Wordless Wednesday: The Glass Pumpkin Patch at Stanford Shopping Center

Glass pumpkins by Walker & Bowes. (Photo: Shala Howell)

Glass pumpkins by Walker & Bowes. (Photo: Shala Howell)

Evening light really is hard for the iPhone camera, isn’t it?

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About Shala Howell

I spent two decades helping companies like Bell Labs, Juniper Networks, and a genetic testing company that was later acquired by CVS translate some of the world’s most complicated concepts into actionable, understandable English. Now I'm working on a much harder problem -- fostering children’s curiosity and engagement in the scientific, artistic, and linguistic world that surrounds them. The first book in my Caterpickles Parenting Series, What’s That, Mom?, focuses on how to use public art to nurture children’s curiosity in the world around them. My next book will focus on science, and how parents without a science degree can answer their curious child's questions without enrolling in a college level refresher course. In the meantime, you can find me blogging about life with a very curious Eleven-Year-Old at Caterpickles.com, chatting about books and the writing life at BostonWriters.blog, and tweeting about books, writing, science, & things that make me smile at @shalahowell.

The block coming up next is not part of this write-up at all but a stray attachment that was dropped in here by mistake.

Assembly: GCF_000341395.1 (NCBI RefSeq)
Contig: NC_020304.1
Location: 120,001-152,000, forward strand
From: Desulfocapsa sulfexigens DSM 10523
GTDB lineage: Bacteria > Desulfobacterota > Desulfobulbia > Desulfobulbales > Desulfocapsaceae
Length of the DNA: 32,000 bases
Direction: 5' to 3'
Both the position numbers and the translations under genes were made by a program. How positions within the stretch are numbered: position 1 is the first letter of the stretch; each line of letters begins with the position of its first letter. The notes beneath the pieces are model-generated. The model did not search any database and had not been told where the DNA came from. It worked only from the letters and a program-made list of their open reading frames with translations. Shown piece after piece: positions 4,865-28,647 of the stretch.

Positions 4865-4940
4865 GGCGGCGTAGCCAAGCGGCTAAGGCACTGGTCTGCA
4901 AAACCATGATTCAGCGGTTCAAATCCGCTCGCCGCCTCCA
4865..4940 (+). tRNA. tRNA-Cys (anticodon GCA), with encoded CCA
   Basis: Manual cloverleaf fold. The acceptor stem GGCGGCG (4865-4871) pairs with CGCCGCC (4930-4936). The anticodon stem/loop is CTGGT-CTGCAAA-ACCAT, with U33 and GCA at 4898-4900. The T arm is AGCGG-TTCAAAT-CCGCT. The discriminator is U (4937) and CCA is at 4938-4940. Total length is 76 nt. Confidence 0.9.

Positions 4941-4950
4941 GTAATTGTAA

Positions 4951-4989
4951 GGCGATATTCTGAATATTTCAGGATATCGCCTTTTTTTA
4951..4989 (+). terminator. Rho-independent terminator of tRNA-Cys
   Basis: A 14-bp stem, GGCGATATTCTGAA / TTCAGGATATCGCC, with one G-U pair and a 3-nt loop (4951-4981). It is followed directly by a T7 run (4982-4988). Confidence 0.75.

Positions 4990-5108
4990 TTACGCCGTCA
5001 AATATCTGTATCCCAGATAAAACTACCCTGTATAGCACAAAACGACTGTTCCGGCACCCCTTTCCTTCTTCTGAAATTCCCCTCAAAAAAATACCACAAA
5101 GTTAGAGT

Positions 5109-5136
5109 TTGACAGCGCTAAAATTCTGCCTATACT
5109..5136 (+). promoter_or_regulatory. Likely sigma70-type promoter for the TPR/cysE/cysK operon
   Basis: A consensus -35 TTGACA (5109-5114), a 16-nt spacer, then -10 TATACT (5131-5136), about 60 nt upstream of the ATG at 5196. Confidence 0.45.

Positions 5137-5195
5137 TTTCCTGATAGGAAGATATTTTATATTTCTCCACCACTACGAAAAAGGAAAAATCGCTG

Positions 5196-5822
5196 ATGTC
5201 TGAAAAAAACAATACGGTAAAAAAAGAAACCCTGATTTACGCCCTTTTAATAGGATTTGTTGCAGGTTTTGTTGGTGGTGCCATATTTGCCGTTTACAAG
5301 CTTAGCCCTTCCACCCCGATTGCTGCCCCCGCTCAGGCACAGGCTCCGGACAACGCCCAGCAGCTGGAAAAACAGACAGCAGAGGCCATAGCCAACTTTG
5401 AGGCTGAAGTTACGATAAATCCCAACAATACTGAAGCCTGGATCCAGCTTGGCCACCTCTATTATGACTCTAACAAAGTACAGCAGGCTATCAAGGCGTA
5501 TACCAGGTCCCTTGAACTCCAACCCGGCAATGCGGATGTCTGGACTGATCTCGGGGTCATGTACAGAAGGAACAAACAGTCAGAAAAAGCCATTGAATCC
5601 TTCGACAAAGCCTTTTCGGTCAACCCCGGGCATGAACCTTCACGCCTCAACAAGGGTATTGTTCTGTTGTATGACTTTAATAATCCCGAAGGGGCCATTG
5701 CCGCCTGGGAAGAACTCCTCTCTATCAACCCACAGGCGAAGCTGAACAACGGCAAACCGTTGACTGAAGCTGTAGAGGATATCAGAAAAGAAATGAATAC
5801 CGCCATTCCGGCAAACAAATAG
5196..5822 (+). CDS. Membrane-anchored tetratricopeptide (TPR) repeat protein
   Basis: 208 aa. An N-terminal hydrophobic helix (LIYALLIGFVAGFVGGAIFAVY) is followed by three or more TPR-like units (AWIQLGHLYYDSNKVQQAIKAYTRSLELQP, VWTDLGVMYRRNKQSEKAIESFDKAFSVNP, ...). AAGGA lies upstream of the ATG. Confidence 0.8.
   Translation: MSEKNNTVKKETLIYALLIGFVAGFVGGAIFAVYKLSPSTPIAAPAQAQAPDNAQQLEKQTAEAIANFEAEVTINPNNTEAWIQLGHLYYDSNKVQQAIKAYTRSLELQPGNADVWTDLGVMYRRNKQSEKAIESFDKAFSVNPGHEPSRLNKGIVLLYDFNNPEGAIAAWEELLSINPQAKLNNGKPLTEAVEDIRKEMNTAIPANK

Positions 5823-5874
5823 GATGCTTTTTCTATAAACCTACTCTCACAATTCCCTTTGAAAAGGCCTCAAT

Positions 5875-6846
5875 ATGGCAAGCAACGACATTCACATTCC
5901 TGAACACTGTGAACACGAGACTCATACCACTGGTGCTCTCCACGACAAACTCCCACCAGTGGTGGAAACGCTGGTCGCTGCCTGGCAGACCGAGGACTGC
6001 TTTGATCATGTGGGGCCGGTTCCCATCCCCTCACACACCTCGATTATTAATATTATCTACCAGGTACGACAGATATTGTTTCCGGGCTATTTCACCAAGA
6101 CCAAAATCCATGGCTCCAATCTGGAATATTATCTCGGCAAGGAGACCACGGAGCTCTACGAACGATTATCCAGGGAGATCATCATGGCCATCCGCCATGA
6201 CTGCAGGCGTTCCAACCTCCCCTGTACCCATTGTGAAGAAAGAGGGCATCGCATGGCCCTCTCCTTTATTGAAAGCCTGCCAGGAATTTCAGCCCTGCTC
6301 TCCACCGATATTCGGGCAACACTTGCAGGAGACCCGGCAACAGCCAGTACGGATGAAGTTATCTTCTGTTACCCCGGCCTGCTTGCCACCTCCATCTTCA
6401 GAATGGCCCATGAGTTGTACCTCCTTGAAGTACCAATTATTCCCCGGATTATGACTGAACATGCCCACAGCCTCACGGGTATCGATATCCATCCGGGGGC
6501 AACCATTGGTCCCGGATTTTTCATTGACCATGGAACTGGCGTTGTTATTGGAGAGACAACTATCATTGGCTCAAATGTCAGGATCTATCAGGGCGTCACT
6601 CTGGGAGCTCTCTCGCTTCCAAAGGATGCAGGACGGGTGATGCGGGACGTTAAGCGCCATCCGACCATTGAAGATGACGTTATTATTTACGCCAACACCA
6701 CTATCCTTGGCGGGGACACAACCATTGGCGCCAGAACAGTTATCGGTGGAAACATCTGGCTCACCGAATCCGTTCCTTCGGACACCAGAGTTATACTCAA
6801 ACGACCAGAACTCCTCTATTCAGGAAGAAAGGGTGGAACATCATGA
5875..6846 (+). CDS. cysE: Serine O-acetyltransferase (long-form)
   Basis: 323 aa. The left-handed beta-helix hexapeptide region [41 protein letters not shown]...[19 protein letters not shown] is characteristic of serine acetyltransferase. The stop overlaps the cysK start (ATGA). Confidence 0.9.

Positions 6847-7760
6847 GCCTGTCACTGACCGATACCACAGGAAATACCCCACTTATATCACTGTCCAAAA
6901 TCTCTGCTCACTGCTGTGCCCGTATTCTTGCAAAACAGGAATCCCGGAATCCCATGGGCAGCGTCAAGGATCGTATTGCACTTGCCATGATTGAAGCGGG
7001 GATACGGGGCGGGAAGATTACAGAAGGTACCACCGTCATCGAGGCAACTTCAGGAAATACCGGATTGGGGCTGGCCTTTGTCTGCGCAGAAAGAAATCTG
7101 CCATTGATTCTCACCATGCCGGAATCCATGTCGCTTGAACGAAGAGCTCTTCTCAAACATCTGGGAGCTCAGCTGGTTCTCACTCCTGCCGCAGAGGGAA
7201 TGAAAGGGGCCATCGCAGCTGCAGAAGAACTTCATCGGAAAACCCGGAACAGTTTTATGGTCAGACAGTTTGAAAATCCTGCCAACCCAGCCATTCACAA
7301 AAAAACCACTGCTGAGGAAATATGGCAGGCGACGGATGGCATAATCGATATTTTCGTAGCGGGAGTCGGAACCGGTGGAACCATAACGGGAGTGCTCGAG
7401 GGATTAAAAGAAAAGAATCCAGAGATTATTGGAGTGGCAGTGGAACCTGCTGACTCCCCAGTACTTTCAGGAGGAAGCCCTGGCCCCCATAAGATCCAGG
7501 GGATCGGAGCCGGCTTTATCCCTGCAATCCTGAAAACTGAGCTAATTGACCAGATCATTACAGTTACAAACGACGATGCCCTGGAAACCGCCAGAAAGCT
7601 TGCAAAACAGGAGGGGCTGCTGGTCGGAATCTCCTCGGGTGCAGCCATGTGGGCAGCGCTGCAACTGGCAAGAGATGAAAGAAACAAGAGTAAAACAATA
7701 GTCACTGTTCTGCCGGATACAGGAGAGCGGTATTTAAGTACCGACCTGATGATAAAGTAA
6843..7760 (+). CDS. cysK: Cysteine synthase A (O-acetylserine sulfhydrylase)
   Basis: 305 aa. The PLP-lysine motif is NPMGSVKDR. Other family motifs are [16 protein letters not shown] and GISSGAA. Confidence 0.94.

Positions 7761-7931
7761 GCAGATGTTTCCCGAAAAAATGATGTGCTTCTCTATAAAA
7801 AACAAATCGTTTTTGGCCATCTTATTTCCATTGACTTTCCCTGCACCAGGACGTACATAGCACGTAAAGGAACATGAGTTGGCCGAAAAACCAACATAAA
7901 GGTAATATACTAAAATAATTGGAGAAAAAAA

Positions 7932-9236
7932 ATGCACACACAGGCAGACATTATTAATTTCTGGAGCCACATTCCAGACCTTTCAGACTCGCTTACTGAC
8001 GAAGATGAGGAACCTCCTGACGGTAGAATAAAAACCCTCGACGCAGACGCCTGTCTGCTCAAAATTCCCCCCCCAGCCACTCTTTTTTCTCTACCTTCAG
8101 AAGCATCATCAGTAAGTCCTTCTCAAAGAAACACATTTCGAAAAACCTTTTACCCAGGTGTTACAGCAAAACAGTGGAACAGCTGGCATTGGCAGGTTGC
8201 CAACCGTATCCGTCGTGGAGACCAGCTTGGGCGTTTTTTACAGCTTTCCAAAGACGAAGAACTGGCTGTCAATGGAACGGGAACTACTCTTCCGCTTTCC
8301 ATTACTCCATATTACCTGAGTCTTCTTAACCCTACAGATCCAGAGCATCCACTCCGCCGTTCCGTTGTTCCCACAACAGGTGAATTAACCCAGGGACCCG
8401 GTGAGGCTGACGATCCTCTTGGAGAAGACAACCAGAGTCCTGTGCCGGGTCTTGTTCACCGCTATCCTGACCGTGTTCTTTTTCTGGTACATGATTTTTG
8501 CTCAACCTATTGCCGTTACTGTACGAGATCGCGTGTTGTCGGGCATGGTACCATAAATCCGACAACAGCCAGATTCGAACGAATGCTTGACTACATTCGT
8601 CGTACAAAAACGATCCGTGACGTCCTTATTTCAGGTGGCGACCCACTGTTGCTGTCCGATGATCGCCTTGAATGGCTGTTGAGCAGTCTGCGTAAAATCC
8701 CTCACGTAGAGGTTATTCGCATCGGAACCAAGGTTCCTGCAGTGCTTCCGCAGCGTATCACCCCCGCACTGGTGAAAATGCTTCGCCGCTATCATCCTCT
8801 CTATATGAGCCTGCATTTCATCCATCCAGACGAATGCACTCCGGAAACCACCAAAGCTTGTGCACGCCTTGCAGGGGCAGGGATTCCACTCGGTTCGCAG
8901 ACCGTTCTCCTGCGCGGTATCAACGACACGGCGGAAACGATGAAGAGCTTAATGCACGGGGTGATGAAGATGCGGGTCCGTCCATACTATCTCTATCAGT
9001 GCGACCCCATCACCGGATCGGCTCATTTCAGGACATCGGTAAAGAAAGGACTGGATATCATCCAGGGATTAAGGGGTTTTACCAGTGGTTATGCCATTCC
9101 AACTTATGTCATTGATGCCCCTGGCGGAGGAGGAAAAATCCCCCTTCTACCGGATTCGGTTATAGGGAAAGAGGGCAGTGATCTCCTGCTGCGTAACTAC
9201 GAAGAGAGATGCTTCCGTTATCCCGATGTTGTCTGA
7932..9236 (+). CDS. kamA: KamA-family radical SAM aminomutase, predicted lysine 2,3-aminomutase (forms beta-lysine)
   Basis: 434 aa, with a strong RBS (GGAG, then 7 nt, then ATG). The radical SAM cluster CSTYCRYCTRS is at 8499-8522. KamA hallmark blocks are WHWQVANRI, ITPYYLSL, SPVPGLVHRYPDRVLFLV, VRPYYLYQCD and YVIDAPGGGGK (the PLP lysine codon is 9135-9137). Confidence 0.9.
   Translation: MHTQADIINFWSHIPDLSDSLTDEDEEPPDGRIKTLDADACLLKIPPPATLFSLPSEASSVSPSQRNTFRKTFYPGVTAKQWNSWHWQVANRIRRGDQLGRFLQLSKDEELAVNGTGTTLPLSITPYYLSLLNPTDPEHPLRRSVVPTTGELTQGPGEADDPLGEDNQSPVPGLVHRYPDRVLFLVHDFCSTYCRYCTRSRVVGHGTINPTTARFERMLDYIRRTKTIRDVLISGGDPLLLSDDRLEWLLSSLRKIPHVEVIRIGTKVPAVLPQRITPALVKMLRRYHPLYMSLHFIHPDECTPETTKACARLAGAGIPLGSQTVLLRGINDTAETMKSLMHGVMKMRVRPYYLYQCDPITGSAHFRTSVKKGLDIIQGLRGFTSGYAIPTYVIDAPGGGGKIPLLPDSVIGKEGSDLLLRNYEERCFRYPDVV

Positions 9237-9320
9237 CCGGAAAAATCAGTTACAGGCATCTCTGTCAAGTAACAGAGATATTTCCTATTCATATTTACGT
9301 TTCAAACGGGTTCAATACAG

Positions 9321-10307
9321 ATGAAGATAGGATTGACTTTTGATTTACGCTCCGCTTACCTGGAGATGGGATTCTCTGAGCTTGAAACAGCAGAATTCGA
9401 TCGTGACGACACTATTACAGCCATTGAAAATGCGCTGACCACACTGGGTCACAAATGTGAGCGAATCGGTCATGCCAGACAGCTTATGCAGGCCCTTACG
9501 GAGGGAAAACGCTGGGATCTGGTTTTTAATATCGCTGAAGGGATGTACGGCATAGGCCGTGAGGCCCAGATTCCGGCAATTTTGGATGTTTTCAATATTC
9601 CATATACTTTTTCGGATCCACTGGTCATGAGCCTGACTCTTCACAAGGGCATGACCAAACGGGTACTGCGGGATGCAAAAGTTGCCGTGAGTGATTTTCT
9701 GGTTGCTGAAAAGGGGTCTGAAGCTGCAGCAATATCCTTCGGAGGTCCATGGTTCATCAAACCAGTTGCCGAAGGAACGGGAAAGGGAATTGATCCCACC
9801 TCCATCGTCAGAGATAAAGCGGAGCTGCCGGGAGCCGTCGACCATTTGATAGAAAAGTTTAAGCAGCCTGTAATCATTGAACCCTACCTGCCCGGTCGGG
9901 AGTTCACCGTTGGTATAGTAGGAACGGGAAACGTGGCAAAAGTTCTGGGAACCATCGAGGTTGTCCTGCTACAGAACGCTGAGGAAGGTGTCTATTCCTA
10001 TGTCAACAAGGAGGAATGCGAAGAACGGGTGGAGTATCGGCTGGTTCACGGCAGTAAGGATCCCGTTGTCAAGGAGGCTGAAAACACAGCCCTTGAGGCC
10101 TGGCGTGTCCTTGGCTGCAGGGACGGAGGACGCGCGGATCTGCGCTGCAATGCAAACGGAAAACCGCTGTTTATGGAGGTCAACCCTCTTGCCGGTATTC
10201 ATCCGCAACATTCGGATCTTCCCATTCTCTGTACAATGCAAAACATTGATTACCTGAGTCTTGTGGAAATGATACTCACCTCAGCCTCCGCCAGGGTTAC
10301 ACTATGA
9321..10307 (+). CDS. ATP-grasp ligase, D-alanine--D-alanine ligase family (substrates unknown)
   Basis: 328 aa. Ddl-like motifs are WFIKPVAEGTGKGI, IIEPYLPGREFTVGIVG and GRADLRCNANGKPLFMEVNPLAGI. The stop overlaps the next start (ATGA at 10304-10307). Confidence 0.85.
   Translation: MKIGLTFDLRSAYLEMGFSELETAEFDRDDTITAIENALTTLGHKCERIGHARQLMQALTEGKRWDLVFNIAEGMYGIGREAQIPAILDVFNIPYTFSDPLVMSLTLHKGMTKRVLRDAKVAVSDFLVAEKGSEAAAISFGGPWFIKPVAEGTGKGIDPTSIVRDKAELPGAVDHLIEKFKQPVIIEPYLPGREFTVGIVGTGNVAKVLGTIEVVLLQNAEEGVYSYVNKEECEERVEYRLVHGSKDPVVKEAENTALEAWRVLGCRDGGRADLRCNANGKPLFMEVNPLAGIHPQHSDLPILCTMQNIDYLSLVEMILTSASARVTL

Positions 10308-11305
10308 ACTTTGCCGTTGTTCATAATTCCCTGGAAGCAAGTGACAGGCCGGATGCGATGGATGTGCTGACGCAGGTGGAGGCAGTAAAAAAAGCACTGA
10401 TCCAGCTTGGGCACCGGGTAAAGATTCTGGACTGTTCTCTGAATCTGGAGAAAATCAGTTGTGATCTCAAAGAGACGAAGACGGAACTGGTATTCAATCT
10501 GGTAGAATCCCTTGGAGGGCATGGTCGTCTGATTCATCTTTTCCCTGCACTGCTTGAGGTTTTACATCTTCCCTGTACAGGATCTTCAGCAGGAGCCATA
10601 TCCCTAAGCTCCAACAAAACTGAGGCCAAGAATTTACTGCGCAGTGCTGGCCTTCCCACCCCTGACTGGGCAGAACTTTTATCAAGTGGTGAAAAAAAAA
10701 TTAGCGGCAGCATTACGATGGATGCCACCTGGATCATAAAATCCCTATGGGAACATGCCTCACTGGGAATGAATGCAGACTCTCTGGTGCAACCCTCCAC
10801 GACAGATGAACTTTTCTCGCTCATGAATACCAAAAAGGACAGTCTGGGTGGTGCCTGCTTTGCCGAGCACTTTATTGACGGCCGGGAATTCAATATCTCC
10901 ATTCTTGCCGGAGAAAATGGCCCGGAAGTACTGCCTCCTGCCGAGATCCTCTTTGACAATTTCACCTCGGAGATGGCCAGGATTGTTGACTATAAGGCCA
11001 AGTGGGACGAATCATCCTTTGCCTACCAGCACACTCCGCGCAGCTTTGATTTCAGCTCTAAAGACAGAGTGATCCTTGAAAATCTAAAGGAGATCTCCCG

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3 Responses to Wordless Wednesday: The Glass Pumpkin Patch at Stanford Shopping Center

  1. rayworth1973 says:

    For some reason, it reminds me of Spanish lladro.


  2. rayworth1973 says:

    I totally fergotted lladro was ceramic. It’s been like 40 years since I saw that stuff in the Torrejon Air Base base exchange. Well, make that twenty plus years the last time I was there but by then, they weren’t really selling it. They also had Italian glass as well. They brought it in from Aviano in Italy. When we used to go to Benidorm, our favorite beach resort on the Mediterranean coast near Alicante and Valencia, the shops carried a lot of glass stuff including these passion meters. They were twisty glass things with a bulb at the bottom and a bulb at the top. They were filled with colored alcohol and when you held the base, the liquid would heat up and rise through the curley-cue to the top part. They were pretty cool. They had a lot of other glass stuff too including lladro, now that I think about it. We were over there 70-74, 82-85 and 88-91. My wife, Kim was there from 69-72 when I met her.


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